Below is a description of the datasets used in our overall climatology package. Precipitation, for example, comes from a multitude of sources that generally follow technological advances. In order to obtain a century+ continuous dataset, older station-based interpolation is supplanted by more recent “data assimilation systems” (DAS), where and when available.

It’s also worth noting that the density of active meteorological stations present in our jurisdiction has been in decline since the 1970s. Understandably, much of the recent investment in meteorological station operation has been dedicated to Canada’s north, a large geographical region that has been grossly overlooked yet is most susceptible to a changing climate.

Below, the data types that are collected, interpolated and delivered through our web portal are described in chronological order. For the most part, the most recent datasets supersede the oldest.

Rainfall and Snowfall

Meteorological Service of Canada


Meteorological Service of Canada is a division of Environment Canada. Their online historical data portal provides data collected since the mid 19th century.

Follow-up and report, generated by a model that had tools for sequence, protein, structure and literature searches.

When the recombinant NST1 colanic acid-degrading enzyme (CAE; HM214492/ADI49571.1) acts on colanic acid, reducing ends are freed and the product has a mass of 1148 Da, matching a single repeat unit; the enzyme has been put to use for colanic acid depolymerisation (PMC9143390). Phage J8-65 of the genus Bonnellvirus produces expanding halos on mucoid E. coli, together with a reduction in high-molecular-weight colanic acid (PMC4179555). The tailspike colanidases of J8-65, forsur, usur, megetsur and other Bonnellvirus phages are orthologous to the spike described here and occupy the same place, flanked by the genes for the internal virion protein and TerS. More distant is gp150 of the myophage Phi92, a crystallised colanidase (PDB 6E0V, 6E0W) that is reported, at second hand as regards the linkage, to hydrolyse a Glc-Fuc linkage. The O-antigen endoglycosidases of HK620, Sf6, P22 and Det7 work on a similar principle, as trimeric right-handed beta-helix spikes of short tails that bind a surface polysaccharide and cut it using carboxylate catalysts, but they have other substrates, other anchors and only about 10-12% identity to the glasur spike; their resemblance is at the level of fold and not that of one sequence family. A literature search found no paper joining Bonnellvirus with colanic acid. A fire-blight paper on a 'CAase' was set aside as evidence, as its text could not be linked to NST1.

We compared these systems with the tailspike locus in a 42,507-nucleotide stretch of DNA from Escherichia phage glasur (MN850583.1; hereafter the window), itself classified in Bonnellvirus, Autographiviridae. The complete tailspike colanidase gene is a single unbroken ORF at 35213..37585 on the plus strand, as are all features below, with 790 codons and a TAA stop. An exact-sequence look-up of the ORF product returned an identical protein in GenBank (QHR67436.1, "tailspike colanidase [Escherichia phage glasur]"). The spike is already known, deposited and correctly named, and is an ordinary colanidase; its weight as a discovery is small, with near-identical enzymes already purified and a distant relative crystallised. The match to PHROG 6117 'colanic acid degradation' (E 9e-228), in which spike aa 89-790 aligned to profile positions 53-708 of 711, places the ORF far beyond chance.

These data are collected at (point/local/scalar) weather stations and require spatial interpolation. Here, the nearest neighbour (i.e., Thiessen polygon) method is applied.

Precipitation is offered as rainfall and snowfall amounts to the tenth of a millimetre.

ECCC: Regional Deterministic Precipitation Analysis (RDPA)

The [RDPA] produces a best estimate of the amount of precipitation that occurred over recent past periods of 6 hours. The estimate integrates data from in situ precipitation gauge measurements, weather radar and numerical weather prediction models. Geographic coverage is North America (Canada, United States and Mexico). Data is available at horizontal resolution of 10 km. Data is only available for the surface level. Analysis data is made available four times a day for the 6h intervals. A preliminary estimate is available approximately 1h after the end of the accumulation period, and revised 6h after in order to assimilate gauge data arriving later. (ECCC, 2023)